The Clinton-Holmes home does not include rooms full of photos with other celebrities. One room has just a few black-and-while art photos of iconic entertainers they both have admired. However, the home does have a piano and a set of drums. He plays the piano when writing music; she plays the drums for fun. A closet contains Clinton’s many character wigs; three racks of clothing in the garage hold the costumes she uses or “might” use some day. Clinton’s alter ego costumes go from Elvis to Lady Gaga.
Creativity for both Clinton and Holmes involves key partners, in particular their musical directors, Jeff Neiman for Holmes and Michael Clark for Clinton.
“Jeff’s creative energy helps me do the kind of work that I’ve been able to do recently,” Holmes says.
“When I’m onstage and Michael Clark is with me,” Clinton says, “I feel safe and free. It’s as if he breathes with me.”
Preparing for a stage appearance means, for Clinton, night-before laying out of clothing and costumes needed for the show, exercise the day of the show, small meals, vocalizing and preparing notes to hide on the piano.
For Holmes, before a show he eats very little, vocalizes, stretches, prepares notes and has what he calls a “Disneyland hour” before his performance. He doesn’t want to talk about anything serious right before a show, and if he has a TV in a dressing room, he’ll watch sports. Neither singer has been plagued with “Vegas throat,” but both say prevention means drinking lots of water.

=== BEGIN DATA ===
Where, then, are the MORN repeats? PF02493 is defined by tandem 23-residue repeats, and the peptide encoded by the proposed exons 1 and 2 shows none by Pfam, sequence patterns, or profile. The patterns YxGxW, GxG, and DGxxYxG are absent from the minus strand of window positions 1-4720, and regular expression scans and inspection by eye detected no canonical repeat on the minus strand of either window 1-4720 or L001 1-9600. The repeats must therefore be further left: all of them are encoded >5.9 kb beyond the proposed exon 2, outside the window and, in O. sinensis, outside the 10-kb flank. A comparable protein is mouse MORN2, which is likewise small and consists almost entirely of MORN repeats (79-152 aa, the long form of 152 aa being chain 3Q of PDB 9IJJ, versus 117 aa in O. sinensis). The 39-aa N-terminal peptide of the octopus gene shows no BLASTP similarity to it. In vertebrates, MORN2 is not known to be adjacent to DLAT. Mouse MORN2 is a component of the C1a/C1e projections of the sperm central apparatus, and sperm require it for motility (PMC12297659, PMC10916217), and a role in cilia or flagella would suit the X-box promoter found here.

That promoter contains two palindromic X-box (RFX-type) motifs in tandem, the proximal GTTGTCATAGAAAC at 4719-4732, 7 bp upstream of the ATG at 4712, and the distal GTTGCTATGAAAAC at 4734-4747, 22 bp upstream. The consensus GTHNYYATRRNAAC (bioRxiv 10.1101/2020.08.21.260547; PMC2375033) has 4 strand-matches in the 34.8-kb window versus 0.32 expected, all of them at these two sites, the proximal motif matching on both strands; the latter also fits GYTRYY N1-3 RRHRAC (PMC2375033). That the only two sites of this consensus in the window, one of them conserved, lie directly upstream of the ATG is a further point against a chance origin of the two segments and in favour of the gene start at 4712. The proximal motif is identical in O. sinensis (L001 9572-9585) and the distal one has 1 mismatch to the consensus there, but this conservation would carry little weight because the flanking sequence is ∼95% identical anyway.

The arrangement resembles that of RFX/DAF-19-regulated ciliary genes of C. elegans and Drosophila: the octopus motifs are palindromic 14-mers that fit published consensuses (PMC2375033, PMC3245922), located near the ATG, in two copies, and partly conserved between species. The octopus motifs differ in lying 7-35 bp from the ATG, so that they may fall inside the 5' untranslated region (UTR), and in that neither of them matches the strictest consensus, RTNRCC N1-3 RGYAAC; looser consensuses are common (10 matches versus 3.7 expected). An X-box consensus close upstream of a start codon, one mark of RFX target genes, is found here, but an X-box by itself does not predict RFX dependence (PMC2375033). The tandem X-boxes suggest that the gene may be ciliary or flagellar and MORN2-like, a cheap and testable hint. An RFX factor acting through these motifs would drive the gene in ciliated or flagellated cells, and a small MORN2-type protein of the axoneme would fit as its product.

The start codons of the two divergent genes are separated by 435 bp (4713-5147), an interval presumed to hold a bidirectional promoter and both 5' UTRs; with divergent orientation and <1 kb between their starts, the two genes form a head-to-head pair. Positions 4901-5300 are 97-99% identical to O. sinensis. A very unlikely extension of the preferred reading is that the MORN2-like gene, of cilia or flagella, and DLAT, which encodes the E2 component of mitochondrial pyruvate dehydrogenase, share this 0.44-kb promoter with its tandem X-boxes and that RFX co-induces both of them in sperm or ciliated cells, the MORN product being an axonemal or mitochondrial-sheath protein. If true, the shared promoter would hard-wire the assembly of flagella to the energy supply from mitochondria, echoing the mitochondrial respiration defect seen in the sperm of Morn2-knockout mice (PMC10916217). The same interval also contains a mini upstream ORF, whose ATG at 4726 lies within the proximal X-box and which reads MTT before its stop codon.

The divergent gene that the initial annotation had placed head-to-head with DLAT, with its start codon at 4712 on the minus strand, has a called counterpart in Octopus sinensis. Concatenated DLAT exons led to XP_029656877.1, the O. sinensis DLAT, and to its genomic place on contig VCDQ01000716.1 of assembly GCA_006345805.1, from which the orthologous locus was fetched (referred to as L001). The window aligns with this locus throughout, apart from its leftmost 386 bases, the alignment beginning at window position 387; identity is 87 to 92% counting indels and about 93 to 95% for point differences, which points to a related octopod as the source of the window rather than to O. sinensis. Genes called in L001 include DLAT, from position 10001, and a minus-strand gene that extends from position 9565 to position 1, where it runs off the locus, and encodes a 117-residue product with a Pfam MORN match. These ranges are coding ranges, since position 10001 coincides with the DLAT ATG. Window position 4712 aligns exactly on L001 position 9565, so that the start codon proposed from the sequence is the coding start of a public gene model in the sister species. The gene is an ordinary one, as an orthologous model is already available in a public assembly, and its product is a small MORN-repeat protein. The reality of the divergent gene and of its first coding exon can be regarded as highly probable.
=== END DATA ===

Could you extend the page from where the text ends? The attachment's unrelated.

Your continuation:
Friend and director Larry Moss has advised both entertainers to always go to a showroom early and stand onstage with arms stretched wide to just “feel” the room. “Often, when we go onstage, the lights are so bright we can’t see beyond the first few rows,” Holmes says, “and if we haven’t been on that stage before, we don’t have an idea of the size of the room and where our total audience will be.”
Although Clinton and Holmes are veteran performers, they go to local vocal coaches for what they call “tuneups” in terms of how their voices are used. Local coaches Kimberly Kanitz and Greg Enriquez have helped both entertainers.
Those fans who hear Clinton and Holmes express their “I love you’s” onstage will find no different sentiment offstage. “If my job or health issues get in the way of what we’re planning,” Clinton says, “Clint, the optimist, will tell me that everything will be all right, ‘because you have me.’ It’s corny, but true. I do have this wonderful partner now.”
Holmes adds that in his private life, he is “one happy man.”